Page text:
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Oil and gas projects are ‘wasteful investments’ and could derail UK climate targets | Climate News

Continuing to invest money in oil and gas projects can constitute “wasteful investments” and it could derail national climate goals, said the executive director of the International Energy Agency.

“UK takes exemplary action weather when you watch what he’s doing here and abroad, ”Dr Faith Birol told Sky News.

“But if they still grant licenses for investment or exploration in coal or oil or gas, it could contradict their own national climate goals.”

The UK government has recently come under criticism – including from its own climate change committee – after it initially failed to intervene in Cumbria County Council plans to build a new mine of deep coal, the first of its kind in 30 years.

File photo dated 15/10/17 of a man walking his dog near Whitehaven in Cumbria.  Plans approved for a new coal mine near the city of Cumbria will produce more emissions than any others currently open in the UK, a climate group has warned.  Issue date: Saturday, January 30, 2021.
A new coal mine was planned for Whitehaven in Cumbria

A public inquiry has since been announced in plans for the Whitehaven mine and the government has “called” the mine’s application, meaning it has the final say on whether it goes ahead.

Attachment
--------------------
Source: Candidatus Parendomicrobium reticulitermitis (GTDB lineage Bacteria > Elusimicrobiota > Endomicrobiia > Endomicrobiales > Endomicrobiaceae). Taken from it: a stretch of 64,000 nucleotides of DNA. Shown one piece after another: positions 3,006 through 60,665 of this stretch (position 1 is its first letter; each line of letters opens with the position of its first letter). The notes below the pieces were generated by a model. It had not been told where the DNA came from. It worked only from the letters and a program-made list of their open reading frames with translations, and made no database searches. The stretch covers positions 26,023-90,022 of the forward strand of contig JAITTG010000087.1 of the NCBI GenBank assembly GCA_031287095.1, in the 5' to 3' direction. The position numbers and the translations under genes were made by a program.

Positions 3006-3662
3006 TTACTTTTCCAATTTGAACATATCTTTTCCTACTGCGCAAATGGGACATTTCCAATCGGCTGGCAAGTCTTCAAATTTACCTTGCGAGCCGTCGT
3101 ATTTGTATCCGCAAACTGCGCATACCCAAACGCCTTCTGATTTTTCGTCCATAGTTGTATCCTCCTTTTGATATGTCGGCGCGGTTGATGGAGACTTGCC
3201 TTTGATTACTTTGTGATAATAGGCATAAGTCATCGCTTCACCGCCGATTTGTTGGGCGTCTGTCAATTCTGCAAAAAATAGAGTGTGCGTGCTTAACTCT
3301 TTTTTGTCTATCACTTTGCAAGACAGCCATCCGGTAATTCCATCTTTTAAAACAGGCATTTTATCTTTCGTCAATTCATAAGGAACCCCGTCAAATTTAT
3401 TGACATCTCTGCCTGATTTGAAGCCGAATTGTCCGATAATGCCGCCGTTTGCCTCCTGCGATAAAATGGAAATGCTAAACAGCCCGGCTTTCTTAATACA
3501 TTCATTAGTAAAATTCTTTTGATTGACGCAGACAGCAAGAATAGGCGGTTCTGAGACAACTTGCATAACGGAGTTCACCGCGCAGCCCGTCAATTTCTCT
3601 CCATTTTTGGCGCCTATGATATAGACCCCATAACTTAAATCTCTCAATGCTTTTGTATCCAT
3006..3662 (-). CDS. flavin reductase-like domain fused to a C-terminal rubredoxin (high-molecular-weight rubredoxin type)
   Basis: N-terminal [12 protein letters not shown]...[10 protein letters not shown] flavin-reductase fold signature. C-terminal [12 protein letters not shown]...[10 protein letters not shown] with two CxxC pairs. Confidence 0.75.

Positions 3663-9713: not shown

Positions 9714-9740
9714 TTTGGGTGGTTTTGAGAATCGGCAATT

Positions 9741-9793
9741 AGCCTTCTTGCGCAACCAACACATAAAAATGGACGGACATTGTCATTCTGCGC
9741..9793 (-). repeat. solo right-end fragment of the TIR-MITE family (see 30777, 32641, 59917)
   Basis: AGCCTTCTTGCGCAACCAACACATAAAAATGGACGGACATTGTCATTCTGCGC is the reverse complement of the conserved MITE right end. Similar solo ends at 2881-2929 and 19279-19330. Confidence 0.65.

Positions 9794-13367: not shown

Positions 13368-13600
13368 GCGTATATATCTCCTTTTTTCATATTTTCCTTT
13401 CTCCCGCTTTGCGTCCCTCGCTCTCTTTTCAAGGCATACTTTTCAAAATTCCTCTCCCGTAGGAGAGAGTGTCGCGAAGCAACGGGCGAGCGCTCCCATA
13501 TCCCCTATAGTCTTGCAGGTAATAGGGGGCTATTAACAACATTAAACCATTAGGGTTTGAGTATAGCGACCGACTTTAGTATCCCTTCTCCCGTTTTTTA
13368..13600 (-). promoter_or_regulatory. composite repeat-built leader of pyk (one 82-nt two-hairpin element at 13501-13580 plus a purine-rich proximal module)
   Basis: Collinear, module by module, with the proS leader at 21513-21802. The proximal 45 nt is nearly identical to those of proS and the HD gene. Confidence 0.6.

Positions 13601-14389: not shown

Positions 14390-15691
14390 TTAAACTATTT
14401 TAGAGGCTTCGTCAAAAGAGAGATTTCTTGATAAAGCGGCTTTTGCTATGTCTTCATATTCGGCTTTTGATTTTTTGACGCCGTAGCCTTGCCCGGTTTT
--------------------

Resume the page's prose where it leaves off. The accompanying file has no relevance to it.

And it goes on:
A recent government decision not to exclude oil and gas licenses in the North Sea has also met with the wrath of green groups, with Greenpeace describing it as “a colossal failure of climate leadership”.

“The world does not need new investments in oil, coal or gas. Some investors, some governments can still go ahead and invest in the exposure of new oil fields or in the opening of new ones. coal mines, “said Dr Birol.

“It is up to them to decide. But that does not correspond to the achievement of our climate goals.”

The International Energy Agency (IEA) has now published its first guide on net zero energy for policymakers ahead of the COP26 climate meeting, hosted by the United Kingdom, in Glasgow in November.

Climate promises made by governments to date – even if fully honored – “would fall far short of what is needed to reduce global energy-related carbon dioxide (CO2) emissions to zero net by 2050 and give the world a …

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This notice was published: 2021-05-17 21:35:00